Send Flowers (Shotgun John and Scorpion Book 1) by Mike Crowley is a pulse-pounding thriller about an ordinary man on the run from the CIA for a crime he did not commit. John Griffin finds his workplace, a pharmaceutical lab, in flames, which puts him on the terror watch list and hounded by government officials. The lab has been working on the cure for a disease, and a corporate executive thinks it’s more profitable if the lab never discovers the cure. John must find the cure and band together with a group of citizens to fight the highest trenches of power. A politically-driven, thought-provoking novel, Send Flowers lifts the lid off of corporate influence in government in a thriller that’s at once complex and fast-paced.
In a political conspiracy novel, the narrative can sometimes turn into a partisan polemic. Such is not the case with Send Flowers, as everyone has their fingers in this game of corruption, and the book covers the story from all angles: congress, the military, law enforcement, corporations, and ordinary people. The idea that sinister forces would try to quash a life-saving drug in the name of profit is all too plausible, giving the novel a real sense of urgency. At its core, Send Flowers is an adventure novel in the vein of the Bourne series or “The Fugitive,” and the action lives up to those two franchises.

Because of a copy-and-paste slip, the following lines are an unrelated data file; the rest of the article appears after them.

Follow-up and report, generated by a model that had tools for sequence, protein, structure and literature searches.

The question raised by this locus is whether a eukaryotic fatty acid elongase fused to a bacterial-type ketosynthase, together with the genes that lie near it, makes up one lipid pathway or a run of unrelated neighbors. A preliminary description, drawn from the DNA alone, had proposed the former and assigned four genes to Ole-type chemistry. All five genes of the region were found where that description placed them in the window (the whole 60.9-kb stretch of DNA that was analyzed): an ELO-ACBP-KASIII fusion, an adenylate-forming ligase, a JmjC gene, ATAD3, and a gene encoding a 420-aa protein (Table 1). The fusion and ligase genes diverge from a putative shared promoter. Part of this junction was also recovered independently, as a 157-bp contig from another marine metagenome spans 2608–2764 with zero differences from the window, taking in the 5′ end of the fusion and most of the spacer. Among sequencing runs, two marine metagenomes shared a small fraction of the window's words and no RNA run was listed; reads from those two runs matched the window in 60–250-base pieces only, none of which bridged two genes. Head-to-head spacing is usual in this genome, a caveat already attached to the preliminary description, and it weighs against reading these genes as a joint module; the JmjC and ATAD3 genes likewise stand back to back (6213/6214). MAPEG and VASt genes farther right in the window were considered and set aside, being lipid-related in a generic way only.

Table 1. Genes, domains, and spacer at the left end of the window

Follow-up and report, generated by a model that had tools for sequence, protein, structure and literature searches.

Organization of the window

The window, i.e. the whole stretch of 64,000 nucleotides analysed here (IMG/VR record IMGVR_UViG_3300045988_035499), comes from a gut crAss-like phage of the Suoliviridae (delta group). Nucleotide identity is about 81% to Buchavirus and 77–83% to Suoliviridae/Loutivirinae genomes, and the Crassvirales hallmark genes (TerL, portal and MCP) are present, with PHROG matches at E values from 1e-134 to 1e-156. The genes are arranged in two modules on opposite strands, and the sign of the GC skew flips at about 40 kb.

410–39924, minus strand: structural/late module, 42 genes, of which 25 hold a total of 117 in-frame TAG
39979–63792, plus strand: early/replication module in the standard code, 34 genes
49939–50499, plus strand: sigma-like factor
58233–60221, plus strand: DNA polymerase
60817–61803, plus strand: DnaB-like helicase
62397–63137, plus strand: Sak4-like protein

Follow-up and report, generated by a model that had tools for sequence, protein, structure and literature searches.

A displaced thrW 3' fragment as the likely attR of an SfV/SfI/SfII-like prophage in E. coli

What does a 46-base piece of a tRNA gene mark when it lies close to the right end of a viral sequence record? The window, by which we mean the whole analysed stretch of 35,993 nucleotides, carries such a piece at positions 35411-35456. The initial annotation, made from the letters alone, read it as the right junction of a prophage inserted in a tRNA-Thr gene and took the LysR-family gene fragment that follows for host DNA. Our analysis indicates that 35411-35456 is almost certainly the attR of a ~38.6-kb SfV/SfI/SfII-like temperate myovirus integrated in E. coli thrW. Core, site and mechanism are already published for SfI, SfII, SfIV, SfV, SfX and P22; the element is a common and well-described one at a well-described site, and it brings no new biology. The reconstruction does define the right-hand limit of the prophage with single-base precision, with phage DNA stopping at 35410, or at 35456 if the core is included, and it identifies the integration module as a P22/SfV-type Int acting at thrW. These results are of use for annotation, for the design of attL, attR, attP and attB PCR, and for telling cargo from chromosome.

One thing that might be amiss is the title. It works if you read the book, but to the first-time observer, it doesn’t entirely fit the genre, which is a shame because Send Flowers is written to the highest standard. It’s a tightly-written book that moves at a brisk pace, even as it uncovers heady and important issues. Mike Crowley is a thriller writer to watch.